Saturday, February 5, 2011

What the heck is an infinitive?

An infinitive is a type of verbal phrase that can act as a noun, adverb, or adjective.

Verbal phrases include:
  1. Infinitives.
  2. Gerunds.
  3. Participles.
The main characteristic of an infinitive
  • An infinitive always begins with the word to followed by a verb (action verb, linking verb, or state of being verb).
To run
To seem
To be

Infinitives as nouns
  1. An infinitive can be a subject, object, subjective complement, or an appositive.
  2. An infinitive is never set off with commas (unless it's an appositive).
  3. As a test, an infinitive used as a noun can be replaced with the word "something."
John wanted to score an A on his test.
Test sentence: John wanted something.
Infinitives as adverbs modifying a verb

  1. The phrase can move around the sentence if it is an adverb.
  2. The phrase is followed by a comma if it begins a sentence but not if it ends a sentence.
  3. As a test, the word to can be replaced with in order to.
  4. The phrase modifies a verb or adjective.
To run the marathon, Jill trained for months.
Jill trained for months to run the marathon.
Test sentence: Jill trained for months (in order) to run the marathon.
Infinitives as adverbs modifying an adjective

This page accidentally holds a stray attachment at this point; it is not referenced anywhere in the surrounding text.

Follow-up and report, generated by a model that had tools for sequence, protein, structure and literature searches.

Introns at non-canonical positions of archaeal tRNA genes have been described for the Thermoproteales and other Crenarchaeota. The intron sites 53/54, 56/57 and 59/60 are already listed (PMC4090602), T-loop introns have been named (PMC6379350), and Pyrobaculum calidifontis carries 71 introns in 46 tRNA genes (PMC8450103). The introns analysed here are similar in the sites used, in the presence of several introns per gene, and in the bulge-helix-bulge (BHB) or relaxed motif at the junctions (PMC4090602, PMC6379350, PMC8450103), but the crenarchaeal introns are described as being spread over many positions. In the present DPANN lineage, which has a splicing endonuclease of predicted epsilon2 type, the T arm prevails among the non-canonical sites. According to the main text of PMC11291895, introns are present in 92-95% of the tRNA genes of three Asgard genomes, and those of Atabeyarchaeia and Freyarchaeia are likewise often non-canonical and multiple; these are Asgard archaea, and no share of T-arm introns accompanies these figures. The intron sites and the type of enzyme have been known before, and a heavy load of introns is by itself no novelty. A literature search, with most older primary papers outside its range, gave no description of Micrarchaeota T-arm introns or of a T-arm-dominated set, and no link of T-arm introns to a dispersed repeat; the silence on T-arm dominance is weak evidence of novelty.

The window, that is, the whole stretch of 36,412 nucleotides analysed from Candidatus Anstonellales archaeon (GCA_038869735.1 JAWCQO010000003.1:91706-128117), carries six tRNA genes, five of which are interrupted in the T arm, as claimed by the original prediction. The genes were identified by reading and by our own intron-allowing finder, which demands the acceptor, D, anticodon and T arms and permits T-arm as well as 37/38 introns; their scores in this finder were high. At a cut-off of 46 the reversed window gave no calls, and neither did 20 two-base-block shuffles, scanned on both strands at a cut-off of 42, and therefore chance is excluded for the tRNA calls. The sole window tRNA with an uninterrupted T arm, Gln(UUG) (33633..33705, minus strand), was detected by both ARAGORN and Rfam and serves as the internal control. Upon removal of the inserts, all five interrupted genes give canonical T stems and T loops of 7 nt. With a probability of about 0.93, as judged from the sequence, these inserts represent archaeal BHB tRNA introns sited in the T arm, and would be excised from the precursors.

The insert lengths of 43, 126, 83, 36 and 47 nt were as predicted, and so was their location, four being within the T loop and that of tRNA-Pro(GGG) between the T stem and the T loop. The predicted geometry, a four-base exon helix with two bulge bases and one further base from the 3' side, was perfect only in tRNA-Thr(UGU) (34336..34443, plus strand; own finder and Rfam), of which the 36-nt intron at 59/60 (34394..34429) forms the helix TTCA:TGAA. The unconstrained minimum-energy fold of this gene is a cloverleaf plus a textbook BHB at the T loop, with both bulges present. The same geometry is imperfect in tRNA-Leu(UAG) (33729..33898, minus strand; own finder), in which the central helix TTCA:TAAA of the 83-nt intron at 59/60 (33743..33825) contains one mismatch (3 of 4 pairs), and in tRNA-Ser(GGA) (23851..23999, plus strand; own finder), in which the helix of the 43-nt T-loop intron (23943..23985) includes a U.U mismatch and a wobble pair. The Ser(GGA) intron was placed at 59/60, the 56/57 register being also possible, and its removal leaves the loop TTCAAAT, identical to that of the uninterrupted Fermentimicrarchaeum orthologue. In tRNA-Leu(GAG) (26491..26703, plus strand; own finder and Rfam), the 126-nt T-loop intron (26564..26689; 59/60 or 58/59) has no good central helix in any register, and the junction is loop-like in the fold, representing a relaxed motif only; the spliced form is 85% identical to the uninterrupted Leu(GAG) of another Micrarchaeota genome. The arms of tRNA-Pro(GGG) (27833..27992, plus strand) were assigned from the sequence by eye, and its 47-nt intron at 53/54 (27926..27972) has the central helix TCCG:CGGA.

1. Always follow the adjective they modify.
  2. They cannot be moved around the sentence.
  3. Usually occur when the independent clause contains a state of being verb.
  4. Usually modifies a subjective complement (predicate adjective).
It is difficult to manage large projects.
Infinitives as adjectives
  1. The adjective infinitive immediately follows the noun it modifies.
  2. The adjective infinitive usually modifies a subject, object, or subjective complement (predicate nominative).
A truck is a good vehicle to own.
Infinitives as complementary infinitives
  • Complementary infinites simply complete the meaning of the verb and don't fit into any of the categories above.
He used to be a good friend.
  • He used (something). 
  • To be a good friend, he used.
  • He used in order to be a good friend.
  • Is used an adjective?
  • Is used a noun?
None of the above tests work. To be is a complementary infinitive.

Infinitives vs a prepositional phrase
  • A prepositional phrase contains only a noun (which is the object of the preposition) and only the modifiers (including articles) for that noun. A verb will never be found in a prepositional phrase.
    • To the park.
    • To the door.
  • An infinitive always contains a verb.
    • To park the car.
    • To drive to the park (an infinitive that contains a prepositional phrase).

Don't split your pants, and don't split your infinitives
An infinitive should always appear as the word to with its verb immediately following it.
To run.
If you place an adverb in between to and the verb, you split the infinitive. Nice job, Ace.
To quickly run.
A split infinitive is generally considered bad grammar. To repair it, move the adverb.
To run quickly.

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